Thursday, 28 August 2014

Give me a break, if only to cut through the medical jargon

As we all know, or if we don’t know, are likely to discover by bitter experience, all professions are a conspiracy against the laity.

As the man who coined that phrase, that fine Englishman and native of Dublin, George Bernard Shaw, was all too aware – he advanced the conspiracy charge in his play The Doctor’s Dilemma – the medical profession is one of the worst offenders. And it has made a fine art of one of the great tools of such conspiracy, the use of opaque language to baffle and mislead the uninitiated. 

The patient's friend
No reason to suspect him of
using obscure terms deliberately
Take, for example, that terrible, debilitating and fatal condition known as Motor Neurone Disease (MND).

I wouldn’t quibble with the word disease. MND certainly is one, and a particularly nasty one to boot.

Motor is a bit confusing. It usually represents something that’s noisy, smelly, expensive to fuel and even more expensive to maintain. Just like the human body. But the human body doesn’t contain one.

Still, it doesn’t take long to work out that the word motor is linked to motion. As for neurones, we all know people who seem to have none, and from that it’s not hard to deduce that MND is a ghastly condition that attacks bits of the brain that keep you moving.

So not immediately obvious, but you can work it out in time.

But now consider ALS. This is the thing that’s pouring cold water on so much good cheer these days. It’s the term the medical profession has come up with to replace MND, presumably because they felt the old name wasn’t obscure enough. It stands for Amyotrophic Lateral Sclerosis.

What the heck?

Nasty trick. It
’s all wrong from the outset, because it combines Latin and Greek terms in the same expression. CP Scott, legendary editor of the Guardian, said “television? The word is half Latin and half Greek. No good can come of it.” He may have been wrong about TV, but he was right about the word.

That first “A”. It’s Greek for “Not”. So basically we’re saying it’s not myotrophic lateral sclerosis. I don’t know about you, but I find it slightly suspicious when someone tells me what something isn’t. Presumably there are lots of things it isn’t. Tell me what it is, I’m inclined to ask.

What about “myotrophic”? More Greek. For muscle and feeding. So we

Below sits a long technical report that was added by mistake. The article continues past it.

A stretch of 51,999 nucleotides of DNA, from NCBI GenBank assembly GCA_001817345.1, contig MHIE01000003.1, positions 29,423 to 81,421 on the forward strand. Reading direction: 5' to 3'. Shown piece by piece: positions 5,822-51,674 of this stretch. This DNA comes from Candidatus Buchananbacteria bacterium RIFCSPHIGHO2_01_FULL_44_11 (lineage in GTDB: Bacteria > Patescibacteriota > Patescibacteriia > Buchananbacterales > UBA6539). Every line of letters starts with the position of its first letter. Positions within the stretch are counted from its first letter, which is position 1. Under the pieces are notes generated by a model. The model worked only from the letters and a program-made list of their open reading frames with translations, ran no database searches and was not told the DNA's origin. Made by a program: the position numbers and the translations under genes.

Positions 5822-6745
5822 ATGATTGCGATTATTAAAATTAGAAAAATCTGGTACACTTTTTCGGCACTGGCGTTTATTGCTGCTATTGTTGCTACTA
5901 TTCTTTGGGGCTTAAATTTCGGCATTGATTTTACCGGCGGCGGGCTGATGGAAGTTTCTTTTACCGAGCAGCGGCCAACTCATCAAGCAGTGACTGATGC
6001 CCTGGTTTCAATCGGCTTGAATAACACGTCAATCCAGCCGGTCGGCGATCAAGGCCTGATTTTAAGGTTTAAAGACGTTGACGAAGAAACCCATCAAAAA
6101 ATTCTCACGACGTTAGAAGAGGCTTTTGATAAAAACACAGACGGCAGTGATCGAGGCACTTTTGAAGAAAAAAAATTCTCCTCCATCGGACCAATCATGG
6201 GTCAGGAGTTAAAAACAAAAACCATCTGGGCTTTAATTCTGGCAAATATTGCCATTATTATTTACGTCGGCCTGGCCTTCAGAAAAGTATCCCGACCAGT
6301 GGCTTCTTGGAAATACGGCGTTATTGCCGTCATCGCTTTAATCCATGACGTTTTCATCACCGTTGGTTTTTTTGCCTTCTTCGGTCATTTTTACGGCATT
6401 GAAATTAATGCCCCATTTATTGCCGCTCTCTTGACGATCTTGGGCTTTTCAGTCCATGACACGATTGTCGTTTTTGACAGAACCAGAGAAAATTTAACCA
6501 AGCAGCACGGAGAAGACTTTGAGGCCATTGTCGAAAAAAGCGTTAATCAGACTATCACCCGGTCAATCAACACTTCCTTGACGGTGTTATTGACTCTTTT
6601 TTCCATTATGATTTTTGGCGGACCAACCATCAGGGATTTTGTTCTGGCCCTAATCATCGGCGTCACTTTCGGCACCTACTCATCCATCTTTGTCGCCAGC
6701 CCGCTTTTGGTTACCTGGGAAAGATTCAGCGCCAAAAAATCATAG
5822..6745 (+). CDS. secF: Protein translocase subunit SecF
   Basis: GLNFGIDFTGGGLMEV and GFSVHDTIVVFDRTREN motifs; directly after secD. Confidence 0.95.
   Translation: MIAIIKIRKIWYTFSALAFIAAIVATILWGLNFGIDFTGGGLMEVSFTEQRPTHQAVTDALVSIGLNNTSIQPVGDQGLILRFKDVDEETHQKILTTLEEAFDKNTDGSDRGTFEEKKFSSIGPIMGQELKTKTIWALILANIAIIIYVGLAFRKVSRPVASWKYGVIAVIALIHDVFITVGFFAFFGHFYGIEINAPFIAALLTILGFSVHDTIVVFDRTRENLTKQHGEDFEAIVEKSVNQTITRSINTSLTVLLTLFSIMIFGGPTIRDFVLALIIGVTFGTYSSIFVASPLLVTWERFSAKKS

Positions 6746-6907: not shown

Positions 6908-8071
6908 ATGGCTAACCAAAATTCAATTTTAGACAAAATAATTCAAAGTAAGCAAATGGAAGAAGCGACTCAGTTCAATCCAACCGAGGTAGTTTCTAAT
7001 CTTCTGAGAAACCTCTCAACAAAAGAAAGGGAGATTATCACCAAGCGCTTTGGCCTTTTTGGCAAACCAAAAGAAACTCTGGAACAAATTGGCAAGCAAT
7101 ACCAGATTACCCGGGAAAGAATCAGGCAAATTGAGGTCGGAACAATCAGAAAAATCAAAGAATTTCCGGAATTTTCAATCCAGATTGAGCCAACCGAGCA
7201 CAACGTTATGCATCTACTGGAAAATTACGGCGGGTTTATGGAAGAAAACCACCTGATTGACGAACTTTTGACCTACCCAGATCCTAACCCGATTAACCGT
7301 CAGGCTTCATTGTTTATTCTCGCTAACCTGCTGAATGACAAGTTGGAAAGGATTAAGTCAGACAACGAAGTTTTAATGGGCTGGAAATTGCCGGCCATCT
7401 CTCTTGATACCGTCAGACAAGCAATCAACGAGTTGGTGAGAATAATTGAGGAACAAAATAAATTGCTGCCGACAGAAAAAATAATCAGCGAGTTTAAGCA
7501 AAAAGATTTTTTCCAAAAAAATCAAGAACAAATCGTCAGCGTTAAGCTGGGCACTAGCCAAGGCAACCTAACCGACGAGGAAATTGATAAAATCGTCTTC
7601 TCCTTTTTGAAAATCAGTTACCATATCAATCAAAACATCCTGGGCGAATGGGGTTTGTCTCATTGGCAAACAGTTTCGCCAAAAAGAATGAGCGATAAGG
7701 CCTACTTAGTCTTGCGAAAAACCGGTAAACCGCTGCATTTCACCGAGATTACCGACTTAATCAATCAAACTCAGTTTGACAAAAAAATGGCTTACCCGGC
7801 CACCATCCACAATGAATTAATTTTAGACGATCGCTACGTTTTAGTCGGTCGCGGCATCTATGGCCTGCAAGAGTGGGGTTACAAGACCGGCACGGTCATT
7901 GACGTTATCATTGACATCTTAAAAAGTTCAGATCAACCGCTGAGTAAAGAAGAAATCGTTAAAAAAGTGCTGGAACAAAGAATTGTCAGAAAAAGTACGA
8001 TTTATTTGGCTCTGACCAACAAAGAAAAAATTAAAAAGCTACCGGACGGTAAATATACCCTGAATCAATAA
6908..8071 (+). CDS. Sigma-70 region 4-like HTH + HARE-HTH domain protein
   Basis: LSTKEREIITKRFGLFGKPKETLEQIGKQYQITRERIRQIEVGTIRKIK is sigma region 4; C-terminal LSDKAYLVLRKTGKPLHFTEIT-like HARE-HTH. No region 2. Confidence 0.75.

re being told it’s non-muscle feeding. Seriously? It’s Motor Neurone Disease. Did anyone imagine it might have the same effect as some kind of body-building drug?

Lateral? We
’ve switched to Latin, and it’s obviously wrong. The condition affects everywhere, not just the sides.

And sclerosis? Back to Greek. The word for hardening. Yeah, right.

The poor guy is coming apart at the seams and we say he’s hardening?

ALS: the term’s obviously designed to mislead. Go along with it, and you might end up doing any kind of crazy thing. Like, say, getting a bucket of iced water dumped on your head.

But stop! Here
’s a pleasant surprise. Precisely because the medical profession’s so sneaky in its designations for things, I was delighted to discover that the abbreviation for a fracture is a hash sign (#). Like a sharp in music. 

Unlike such underhand terms as ALS, isn’t that just beautifully transparent and honest? When you break a bone, it’s usually because you’ve made a hash of things, like my wife reaching for a shuttle too far on the badminton court, tipping over and cracking a foot. And boy, the pain is sharp, as she discovered.

The medics got that one right.

So here’s my plea to all physicians. End your conspiracy against the laity. Go for limpid language, not the learned and obscure. More of the #, please, less of the non-muscle-feeding-sideways-hardening.


Anonymous said...

"As we all know, or if we don’t know, are likely to discover by bitter experience, all professions are a conspiracy against the laity."
Are you sure you didn't mean ... a conspiracy against Italy?

David Beeson said...

Who'd want to conspire against that lovely country?